Phone while driving
Fines for using mobile phone while driving to increase to £90.

Using mobile phones while at the wheel will land drivers with stiffer penalties, the transport minister has revealed.

People caught sending a text message or making phone calls face harsher fines in a move to crackdown on dangerous driving.

Fines for a variety of offences will be increased by 50%, from £60 to £90. The number of penalty points offenders receive on their licence will remain at three.

Announcing the higher fine at a road safety conference in London, transport minister Patrick McLoughlin admitted he had used a mobile phone to make calls while driving - although he would not do so now.

"We want to send a clear message to dangerous drivers: if you continue to show complete disregard for the safety of other road users, we will catch you - and we will punish you," he said.

Using a handheld device while driving, other than to make an emergency call, has been illegal since 2003.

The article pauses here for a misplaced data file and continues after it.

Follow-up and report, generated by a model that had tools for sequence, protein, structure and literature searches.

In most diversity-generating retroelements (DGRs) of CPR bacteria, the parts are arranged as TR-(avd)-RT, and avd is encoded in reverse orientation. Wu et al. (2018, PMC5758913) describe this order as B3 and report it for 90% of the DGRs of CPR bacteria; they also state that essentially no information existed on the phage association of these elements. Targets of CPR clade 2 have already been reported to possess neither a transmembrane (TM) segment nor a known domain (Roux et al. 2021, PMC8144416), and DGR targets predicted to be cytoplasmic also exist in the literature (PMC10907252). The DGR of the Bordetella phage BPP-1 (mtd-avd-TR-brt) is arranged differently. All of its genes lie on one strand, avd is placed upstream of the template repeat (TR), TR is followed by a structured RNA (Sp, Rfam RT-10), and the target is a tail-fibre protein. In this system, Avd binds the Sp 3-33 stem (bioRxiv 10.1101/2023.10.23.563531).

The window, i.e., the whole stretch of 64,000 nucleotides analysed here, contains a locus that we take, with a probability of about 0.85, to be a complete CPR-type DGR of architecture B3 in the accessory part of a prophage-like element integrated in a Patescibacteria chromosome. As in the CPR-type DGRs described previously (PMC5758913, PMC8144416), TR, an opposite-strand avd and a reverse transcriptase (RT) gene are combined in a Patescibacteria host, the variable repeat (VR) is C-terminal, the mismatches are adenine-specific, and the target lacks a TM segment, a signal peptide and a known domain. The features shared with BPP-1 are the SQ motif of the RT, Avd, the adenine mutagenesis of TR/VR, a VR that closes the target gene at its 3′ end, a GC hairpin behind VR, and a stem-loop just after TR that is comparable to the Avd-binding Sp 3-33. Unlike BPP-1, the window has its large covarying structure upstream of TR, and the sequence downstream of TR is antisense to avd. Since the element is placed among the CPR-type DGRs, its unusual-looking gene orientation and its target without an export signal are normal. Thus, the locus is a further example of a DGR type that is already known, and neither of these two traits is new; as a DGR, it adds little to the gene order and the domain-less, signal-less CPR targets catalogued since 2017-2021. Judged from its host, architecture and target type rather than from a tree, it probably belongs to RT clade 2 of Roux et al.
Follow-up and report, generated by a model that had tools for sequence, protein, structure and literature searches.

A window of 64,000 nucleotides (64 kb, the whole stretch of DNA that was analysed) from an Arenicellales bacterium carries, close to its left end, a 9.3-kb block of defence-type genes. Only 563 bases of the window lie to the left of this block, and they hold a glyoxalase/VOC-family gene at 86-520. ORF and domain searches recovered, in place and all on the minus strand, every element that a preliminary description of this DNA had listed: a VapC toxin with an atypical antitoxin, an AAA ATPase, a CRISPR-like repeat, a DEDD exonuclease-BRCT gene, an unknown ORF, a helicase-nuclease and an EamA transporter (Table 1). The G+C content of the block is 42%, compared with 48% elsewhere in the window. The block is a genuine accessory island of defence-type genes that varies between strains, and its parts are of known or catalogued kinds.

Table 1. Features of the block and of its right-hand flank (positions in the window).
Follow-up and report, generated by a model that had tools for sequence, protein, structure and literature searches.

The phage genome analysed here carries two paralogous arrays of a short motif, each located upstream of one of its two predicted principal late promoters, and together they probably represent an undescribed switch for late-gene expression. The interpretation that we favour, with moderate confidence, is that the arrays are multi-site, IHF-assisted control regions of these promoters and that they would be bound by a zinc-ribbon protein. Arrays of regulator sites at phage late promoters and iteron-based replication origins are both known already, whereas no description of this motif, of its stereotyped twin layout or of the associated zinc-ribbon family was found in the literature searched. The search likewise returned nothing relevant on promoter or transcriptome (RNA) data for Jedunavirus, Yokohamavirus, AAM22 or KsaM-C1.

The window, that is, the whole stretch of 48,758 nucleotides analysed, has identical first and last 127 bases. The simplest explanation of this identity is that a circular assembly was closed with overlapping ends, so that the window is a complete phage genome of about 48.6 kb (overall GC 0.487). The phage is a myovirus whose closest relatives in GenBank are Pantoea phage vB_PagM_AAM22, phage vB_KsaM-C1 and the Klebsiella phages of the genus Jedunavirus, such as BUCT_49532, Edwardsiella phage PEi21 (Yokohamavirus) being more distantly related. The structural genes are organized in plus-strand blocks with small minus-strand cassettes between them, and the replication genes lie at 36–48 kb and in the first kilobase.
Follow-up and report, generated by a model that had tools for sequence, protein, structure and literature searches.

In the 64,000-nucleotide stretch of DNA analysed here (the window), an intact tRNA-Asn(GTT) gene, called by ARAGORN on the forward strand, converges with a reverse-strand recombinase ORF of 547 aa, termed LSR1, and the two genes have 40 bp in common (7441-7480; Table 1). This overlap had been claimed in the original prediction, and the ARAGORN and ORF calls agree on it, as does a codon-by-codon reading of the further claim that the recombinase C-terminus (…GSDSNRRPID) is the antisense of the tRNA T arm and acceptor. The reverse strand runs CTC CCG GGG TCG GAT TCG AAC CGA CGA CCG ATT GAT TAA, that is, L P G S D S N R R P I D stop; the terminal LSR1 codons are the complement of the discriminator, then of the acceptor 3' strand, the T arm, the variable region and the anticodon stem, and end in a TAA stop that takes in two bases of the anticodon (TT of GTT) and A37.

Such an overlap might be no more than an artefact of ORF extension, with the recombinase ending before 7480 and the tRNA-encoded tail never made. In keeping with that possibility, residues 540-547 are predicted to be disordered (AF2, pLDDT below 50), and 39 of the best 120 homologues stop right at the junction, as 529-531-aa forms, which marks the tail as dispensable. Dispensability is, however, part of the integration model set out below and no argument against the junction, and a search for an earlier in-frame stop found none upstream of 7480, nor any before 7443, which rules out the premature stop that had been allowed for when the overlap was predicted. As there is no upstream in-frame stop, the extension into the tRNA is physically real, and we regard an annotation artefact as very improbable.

A study by consumer campaigning charity Which? found that drivers texting and tweeting at the wheel are up to seven times more likely to crash than someone at the legal drink-drive limit.

Stephen Glaister, director of the RAC Foundation, said: "With both texting and handheld use of mobile phones at the wheel causing more impairment than being at the drink-drive limit or under the influence of cannabis, the police need to target the large number of motorists continuing to flout the law."

In March, Metropolitan Police commissioner Sir Bernard Hogan-Howe said that drivers caught using a mobile phone should receive six penalty points so that a second offence would trigger a ban.